to demand a test, or if the random and unannounced testing is part of an agreed
rehabilitative program; and
C. where an employee refuses or fails to submit to a drug test in one of those three
circumstances it is a serious violation of the employer’s drug and alcohol policy and may
be grounds for serious discipline, although not necessarily termination.
Ontario arbitral jurisprudence is influential in Canadian labour law, and so recent judicial and arbitral
support for the position endorsed in Imperial Oil may be an indicator of larger changes.
In United Assn. of Journeymen and Apprentices of the Plumbing and Pipefitting Industry of the United
States and Canada, Local 488 v. Bantrel Constructors Co.,43 pursuant to its contract with Petro-Canada,
Bantrel Constructors Co. was required to adopt Petro-Can’s pre-access drug testing policy, which gave
current employees two months in which to undergo testing. Employees were provided with information as
to the amount of time it would take for various drugs to be eliminated from an individual’s system, as well
as an employee assistance program, and were advised that refusals would result in layoff from the site.
A positive test would result in assessment and counselling, with the ability to return to the site. It was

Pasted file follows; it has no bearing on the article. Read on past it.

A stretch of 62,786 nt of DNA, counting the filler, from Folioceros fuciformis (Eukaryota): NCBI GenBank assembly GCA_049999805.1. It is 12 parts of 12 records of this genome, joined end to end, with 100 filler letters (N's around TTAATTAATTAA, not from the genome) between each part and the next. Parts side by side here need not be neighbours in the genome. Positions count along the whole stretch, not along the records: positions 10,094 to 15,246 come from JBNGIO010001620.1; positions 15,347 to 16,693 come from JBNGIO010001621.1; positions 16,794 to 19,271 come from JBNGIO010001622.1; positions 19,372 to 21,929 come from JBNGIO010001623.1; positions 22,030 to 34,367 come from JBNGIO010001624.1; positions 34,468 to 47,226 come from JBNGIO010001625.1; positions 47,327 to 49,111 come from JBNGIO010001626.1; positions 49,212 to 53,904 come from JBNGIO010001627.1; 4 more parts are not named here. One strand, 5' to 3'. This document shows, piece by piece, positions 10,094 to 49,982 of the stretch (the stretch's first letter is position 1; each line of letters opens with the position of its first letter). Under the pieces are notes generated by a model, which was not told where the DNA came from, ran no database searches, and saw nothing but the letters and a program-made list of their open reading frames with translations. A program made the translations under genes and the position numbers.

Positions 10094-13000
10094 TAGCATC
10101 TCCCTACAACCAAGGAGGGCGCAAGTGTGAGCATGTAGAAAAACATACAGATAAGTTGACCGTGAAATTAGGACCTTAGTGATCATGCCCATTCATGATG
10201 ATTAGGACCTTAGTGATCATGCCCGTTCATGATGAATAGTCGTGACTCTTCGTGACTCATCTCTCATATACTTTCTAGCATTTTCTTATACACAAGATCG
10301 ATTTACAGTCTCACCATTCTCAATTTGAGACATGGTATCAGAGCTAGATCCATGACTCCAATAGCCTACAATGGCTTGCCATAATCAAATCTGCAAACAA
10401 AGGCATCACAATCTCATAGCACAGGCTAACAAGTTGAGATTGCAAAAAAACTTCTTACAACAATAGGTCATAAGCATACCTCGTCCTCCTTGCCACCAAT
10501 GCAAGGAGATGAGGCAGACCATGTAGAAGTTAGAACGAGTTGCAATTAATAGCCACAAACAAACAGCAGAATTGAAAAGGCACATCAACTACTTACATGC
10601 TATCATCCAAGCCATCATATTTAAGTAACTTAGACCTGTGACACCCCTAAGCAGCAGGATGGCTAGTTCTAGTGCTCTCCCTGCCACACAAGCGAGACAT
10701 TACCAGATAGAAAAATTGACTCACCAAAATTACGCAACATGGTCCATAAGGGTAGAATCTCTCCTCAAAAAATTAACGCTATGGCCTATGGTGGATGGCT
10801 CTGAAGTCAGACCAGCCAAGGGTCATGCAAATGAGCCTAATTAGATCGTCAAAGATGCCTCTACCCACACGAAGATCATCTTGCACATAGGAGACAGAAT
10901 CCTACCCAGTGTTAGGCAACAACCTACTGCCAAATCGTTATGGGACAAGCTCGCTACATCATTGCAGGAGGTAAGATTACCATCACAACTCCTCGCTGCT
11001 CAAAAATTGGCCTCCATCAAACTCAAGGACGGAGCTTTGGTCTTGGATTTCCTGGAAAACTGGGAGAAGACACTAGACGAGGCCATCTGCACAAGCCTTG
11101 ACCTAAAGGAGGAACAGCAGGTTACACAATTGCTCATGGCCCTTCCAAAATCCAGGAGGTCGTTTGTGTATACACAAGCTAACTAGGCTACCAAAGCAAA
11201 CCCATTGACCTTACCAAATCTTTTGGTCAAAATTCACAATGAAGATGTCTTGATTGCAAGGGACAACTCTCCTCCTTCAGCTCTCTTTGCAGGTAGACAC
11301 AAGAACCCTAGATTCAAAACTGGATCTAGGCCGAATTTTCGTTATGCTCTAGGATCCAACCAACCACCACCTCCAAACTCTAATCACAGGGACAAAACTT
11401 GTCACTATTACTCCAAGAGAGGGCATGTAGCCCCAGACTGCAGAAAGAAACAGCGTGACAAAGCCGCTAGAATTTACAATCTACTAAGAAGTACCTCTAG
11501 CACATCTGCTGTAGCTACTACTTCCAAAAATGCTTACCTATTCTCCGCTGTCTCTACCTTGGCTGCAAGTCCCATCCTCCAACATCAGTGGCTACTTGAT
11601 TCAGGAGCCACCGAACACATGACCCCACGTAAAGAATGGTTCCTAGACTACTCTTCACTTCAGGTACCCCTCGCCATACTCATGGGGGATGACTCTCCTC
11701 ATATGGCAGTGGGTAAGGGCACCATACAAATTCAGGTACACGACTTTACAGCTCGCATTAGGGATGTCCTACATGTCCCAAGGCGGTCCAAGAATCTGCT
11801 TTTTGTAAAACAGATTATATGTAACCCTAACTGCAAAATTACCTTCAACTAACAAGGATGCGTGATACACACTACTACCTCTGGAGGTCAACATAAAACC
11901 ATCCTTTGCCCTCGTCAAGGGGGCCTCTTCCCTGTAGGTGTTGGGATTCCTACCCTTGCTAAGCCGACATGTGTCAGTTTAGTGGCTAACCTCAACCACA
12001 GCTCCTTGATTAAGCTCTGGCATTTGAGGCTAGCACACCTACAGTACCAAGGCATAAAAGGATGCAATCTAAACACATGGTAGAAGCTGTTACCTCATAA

agreed that the worksite was hazardous and required a high emphasis on safety.
Bantrel was also subject to a collective agreement, which expressly incorporated the “2001 Canadian
Model for Providing a Safe Workplace, Alcohol and Drug Guideline and Work Rules”, the Guidelines to
which referred to “testing as a condition of employment” being applicable to those companies that require
it based on the specific nature of their operations.
41 Petro-Canada Lubricants Centre (Mississauga) v. Communications, Energy and Paperworkers; Union of
Canada, Local 593 (Alcohol and Drug Policies Grievance),  O.L.A.A. No. 400 (Ontario, Kaplan) (“Petro-
42 Supra note 36.
43 United Assn. of Journeymen and Apprentices of the Plumbing and Pipefitting Industry of the United States and
Canada, Local 488 v. Bantrel Constructors Co.,  A.G.A.A. No. 33 (Alberta, Smith) (“Bantrel”).
On December 22, 2004, three unions filed policy grievances alleging that the failure to grandfather
existing employees from the pre-access drug testing violated the collective agreement and human rights
In a two-to-one majority, an Arbitration Panel chaired by Phyllis Smith dismissed the grievance, holding
that the policy was reasonable and did not breach the collective agreement or human rights legislation.
The majority noted the increased emphasis on workplace safety as a result of strengthening of safetyrelated
provisions in the Occupational Health and Safety Act and the criminalization of certain conduct in
the workplace through amendments to the Criminal Code. The majority relied on evidence that the
implementation of pre-employment alcohol and drug testing significantly reduced safety incidents,
including injury accidents in the workplace.
The majority specifically rejected the union’s argument that the policy was flawed because testing did not